I was at a wedding in Chicago over the summer and someone approached me and asked what I do. When I said that I work in public relations, the person looked me straight in the eye and said “Oh, you’re one of THOSE people.”
Some people say that you can never please everyone and you’ll always be misunderstood by someone. This statement definitely holds true for public relations professionals. Some call us spin doctors while others call us media flaks. Either way, they’re wrong. Often times I am amused at the conversations my colleagues and I have about what people think of our profession.
Here are a few myths and misconceptions (as well as facts) that will hopefully clear things up!
It’s ok to not invest in PR if the organization is in a financial crunch.
Bill Gates once said, “If I was down to my last dollar, I’d spend it on public relations.” In recent years, there have been organizations that have opted to dismiss their public relations counsel during poor economic times. Business influencers fail to realize that building relationships with key stakeholders (i.e. government, media, shareholders, customers, suppliers, employees) will keep the organization’s message at the forefront. This will also enhance their position in the market as thought leaders and possibly revenue generators. Furthermore, making your business visible during poor economic times makes sense. While other businesses are making cut backs, your message makes it to the front! If a business wants an advantage over its competitors, it’s critical its message is visible during the recession.
Traditional media is not as important as social media.
Despite waning advertisers and cuts in reporting staff, the written word has impact – even if it is online. According to a survey conducted by Scarborough Research, 79 percent of white collar workers, 82 percent of adults with household incomes of $100,000 or more and 84 percent of college graduates or advanced degree holders read online or print newspapers. Social media has its benefits as it engages consumers with interaction, accessibility and immediacy. However, saying that one is superior than the other is a far-fetched statement. Both mediums can and should be used together for an effective PR campaign.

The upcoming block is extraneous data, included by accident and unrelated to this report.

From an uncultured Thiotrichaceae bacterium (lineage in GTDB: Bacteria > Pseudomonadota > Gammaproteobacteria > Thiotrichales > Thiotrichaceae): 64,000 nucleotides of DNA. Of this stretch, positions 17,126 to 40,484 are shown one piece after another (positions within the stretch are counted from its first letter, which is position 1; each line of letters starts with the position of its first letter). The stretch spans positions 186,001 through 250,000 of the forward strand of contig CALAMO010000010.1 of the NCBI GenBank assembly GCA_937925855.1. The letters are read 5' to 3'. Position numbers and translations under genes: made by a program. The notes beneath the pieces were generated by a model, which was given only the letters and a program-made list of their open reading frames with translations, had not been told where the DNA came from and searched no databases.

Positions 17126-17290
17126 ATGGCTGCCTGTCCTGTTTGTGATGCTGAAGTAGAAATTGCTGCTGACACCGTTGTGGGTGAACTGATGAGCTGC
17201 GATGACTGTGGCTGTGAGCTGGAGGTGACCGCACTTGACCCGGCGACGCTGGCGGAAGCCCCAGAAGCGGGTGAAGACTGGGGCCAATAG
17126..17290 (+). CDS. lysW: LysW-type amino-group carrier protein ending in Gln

Everything is newsworthy.
Good public relations professionals are media experts, and if the expert says that there’s a chance a particular topic won’t get covered, then it probably won’t. And even if something is newsworthy, there is still no guarantee it will make the news. Recently, I was pitching a story on a medical breakthrough only to have my story overshadowed by other current events. Luckily, some great print and broadcast hits came out of the medical breakthrough story. Sometimes other news items take precedence over your particular item – it’s no one’s fault, just the nature of the beast. This brings me to the last myth…
Public relations professionals control the media.
We do not control or “spin” the media. Covering or not covering a story, whether it is positive or negative in nature, is strictly the media’s prerogative. Honest public relations professionals will never guarantee that something will be covered or not covered. I’ve seen reporters get excited about a story that ends up pushed to the wayside because of breaking news or a story that their editors would like covered first. Even if the client has been interviewed by a journalist, or a television crew has shot the entire story, there is no way to tell if it will run. On the flip side, I have also experienced times where a reporter initially says no to covering a story and then they call out of the blue saying they are interested.
Do you have some myths and misconceptions you’d like to add? Please list them here.